Next up is ‘indie/boho people of the world’. They follow loads of travel blogs, and wear floppy sunhats and beaded jewellery and post artistic photos of shadows and beaches on Instagram, where their username is something like ‘childofthe_world’ or ‘notallwh0wanderarel0st.’ They’re all around just Instagram types – aesthetic and stylish and free-spirited and often overlapping with the ‘cool kids’. They’re those people who are witty and pretty and effortlessly perfect. The music they like is acoustic and cutesy but also edgy and slightly eclectic. They’re those people that bang on about ‘living in the moment’ and yet always seem to be looking at life through their camera. They talk about the importance of self-love and accepting your body the way it is, yet there’s one part of their body that they never show, and they love to talk about the latest beauty products. They liked things before they were cool, but they’re not hipsters, because hipster-ism is a dying trend, apparently. Not that I’d know, because I am not a boho chick.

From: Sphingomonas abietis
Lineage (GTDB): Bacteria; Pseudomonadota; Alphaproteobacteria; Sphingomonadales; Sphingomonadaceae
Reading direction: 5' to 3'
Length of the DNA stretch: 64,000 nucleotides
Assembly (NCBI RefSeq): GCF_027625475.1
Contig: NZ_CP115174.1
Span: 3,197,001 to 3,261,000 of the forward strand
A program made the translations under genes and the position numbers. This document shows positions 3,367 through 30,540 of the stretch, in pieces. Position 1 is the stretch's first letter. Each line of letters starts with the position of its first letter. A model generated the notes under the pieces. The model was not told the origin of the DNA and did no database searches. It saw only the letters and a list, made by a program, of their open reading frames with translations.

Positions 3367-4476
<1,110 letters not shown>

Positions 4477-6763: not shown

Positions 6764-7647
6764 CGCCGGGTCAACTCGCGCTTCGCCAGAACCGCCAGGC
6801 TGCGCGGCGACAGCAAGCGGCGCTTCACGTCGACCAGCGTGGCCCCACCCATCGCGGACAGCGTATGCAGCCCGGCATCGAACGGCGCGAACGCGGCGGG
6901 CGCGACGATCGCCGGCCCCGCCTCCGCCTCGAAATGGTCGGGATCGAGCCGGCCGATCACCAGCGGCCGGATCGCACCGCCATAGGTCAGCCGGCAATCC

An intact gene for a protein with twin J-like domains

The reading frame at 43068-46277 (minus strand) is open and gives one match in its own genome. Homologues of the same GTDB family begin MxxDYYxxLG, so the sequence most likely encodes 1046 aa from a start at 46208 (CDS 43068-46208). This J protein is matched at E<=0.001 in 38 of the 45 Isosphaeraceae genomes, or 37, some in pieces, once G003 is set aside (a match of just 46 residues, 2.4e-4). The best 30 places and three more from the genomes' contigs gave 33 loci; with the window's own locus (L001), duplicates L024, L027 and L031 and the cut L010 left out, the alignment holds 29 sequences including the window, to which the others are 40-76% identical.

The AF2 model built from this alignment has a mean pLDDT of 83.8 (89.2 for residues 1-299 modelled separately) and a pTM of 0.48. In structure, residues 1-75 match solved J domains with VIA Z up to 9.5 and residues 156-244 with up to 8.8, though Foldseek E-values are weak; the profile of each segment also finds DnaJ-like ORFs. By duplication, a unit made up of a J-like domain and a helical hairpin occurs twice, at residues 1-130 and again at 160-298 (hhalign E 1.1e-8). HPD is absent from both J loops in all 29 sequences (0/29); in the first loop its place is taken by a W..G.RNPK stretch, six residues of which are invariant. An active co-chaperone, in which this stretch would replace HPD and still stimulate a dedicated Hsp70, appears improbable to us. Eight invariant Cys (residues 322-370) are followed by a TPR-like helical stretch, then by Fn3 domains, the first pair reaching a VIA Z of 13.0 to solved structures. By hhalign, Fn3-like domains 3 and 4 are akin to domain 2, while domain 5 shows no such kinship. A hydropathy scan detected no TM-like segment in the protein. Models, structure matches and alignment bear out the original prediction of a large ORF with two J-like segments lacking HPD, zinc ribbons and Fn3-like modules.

Whatever, I totally don’t identify with this group of people at all.

*cough, cough*

Moving on, we have the nerds, the geeks – not to be mistaken with ‘internet kids’ (we’ll get to those later. Have patience, my precious). These are the people who don’t seem to do anything except work. Their grades are ridiculously good, they appear to care very little about their appearance, and they often spend their time in small groups – ones and twos seem to work well, as these people are often scared by large crowds. Nobody knows what they do outside of school – they have no or very few social media accounts, they never go to any parties, and whenever they’re asked what they did at the weekend, their answer is ‘oh, not much’. These people are school-obsessed, often cynical, and have a tendency to think that they’re above their less-intelligent peers.